Biden does not comment on redevelopment of detention centers
In January 2021, around the same time the feds refused to contract with GEO Group, the Biden administration issued an executive order directing the Justice Department to end contracts with private prisons.
Biden’s order, however, did not extend to the Department of Homeland Security, meaning ICE could continue to contract with private prisons in Pennsylvania and across the country.
Guadalupe Nuñez said, “Our elected leaders must do more than offer jobs that keep other people in cages. There can be deeper investments in communities that actually bring about a more holistic type of development than a detention center.” Is.”
Several elected officials in Pennsylvania have called for GEO to be shut down. Most prominent of them all is Governor Josh Shapiro, who told AL DÍA in early January that he was not comfortable with counties participating in business with for-profit prison entities.
He urged the legislature to “put a bill on my desk”.
US Senator Bob Casey also urged former DHS Secretary Jeh Johnson to end the practice of detaining families while individual asylum cases were being reviewed.
At the county level, Congressmen Mary Gay Scanlon and Dwight Evans sent a letter to current DHS Secretary Alejandro Mayorkas, reconsidering the Fed’s stance on moving forward with Moschenon, arguing that it prevents detainees from receiving legal aid. Asked to do. Other concerns.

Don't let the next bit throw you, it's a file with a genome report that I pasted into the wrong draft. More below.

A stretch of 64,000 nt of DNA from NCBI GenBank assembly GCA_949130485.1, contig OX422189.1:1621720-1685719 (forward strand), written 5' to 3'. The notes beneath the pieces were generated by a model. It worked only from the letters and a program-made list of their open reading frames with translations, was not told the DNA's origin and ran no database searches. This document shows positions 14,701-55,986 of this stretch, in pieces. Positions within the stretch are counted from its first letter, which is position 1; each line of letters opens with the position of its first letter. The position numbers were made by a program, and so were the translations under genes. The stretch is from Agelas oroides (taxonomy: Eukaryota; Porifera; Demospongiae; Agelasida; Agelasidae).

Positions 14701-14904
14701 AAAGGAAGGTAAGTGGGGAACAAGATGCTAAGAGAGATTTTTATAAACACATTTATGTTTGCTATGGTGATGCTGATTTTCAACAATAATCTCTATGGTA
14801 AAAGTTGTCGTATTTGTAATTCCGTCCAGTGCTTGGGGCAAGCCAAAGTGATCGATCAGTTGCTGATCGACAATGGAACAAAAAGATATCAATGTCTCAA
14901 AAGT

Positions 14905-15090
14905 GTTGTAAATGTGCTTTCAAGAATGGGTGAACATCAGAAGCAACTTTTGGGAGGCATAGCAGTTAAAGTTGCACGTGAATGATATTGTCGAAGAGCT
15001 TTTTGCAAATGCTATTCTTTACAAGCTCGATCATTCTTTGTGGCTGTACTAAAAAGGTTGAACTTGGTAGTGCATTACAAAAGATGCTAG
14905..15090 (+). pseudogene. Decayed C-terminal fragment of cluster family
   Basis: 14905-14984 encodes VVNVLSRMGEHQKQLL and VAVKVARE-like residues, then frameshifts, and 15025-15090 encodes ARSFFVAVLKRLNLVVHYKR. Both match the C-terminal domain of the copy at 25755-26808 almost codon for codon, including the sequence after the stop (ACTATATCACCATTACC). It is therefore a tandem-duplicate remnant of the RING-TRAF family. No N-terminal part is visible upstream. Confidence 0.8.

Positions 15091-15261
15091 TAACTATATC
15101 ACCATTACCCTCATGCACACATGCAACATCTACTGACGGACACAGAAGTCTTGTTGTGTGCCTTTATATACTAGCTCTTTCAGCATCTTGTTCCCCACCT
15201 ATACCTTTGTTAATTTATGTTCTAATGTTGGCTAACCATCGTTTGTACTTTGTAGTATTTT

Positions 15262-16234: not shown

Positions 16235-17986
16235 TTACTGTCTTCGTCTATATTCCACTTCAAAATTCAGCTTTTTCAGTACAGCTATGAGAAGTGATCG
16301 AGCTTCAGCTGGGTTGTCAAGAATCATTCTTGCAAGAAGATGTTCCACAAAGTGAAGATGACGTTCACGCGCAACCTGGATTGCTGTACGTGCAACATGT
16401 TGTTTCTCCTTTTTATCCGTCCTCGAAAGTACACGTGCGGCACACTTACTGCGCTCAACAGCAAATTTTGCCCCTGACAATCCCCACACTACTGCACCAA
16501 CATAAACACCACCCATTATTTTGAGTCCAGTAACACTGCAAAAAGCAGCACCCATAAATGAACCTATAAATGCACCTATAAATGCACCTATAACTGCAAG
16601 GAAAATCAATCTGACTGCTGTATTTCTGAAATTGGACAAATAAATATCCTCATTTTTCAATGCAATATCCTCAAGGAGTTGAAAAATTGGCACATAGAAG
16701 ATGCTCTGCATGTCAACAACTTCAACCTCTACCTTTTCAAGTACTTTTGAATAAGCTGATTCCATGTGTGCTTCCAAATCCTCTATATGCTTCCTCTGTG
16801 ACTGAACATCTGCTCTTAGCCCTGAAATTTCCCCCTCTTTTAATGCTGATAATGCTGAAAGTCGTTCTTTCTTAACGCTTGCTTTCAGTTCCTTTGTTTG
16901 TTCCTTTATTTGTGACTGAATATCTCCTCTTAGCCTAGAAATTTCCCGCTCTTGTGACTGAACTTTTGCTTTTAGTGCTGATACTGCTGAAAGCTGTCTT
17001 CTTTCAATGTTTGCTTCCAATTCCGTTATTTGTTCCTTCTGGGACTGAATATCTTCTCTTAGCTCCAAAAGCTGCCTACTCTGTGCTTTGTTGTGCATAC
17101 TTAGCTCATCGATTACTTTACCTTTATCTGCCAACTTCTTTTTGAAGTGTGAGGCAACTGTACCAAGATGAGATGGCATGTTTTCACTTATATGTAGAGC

Guadalupe Nuñez said, “Despite campaigning on the promise of ending long-term detention and private prisons, Biden has become the detainer-in-chief of our time.”
Immigrants yearn for change
Marthita is an undocumented Guatemalan immigrant who has been in the United States for 15 years. He lived his first seven years in Alabama, but later moved to Philadelphia in search of better job opportunities.
Marthita remembers her early years well.
“Running. Running like a criminal. Constantly scared at work. Every time you heard the siren, you said, ‘The factory’s been burgled. We have to hide.'”
Fifteen years ago, Marthita fled Guatemala in fear of losing her life in gang violence.
A single mother of six children, Marthita’s income supports her family, who depend on her for their financial support.
“I left my youngest son when he was seven. Now he is 15.”
In 2020, she founded a Pennsylvania-based immigration advocacy group where she volunteers for causes such as Shut Down Burke, a coalition that launched an eight-year campaign to press for the closure of the Burke Residential Facility Did.
Marthita said, “We only want to live here as human beings. To be accepted. Mr. President, please accept us. Help us get what we could not get in our own country.” “That’s why we run from our countries. Because they mistreat us, rape us, kill us, murder us, that’s what we run from. And when we come here, it’s very similar “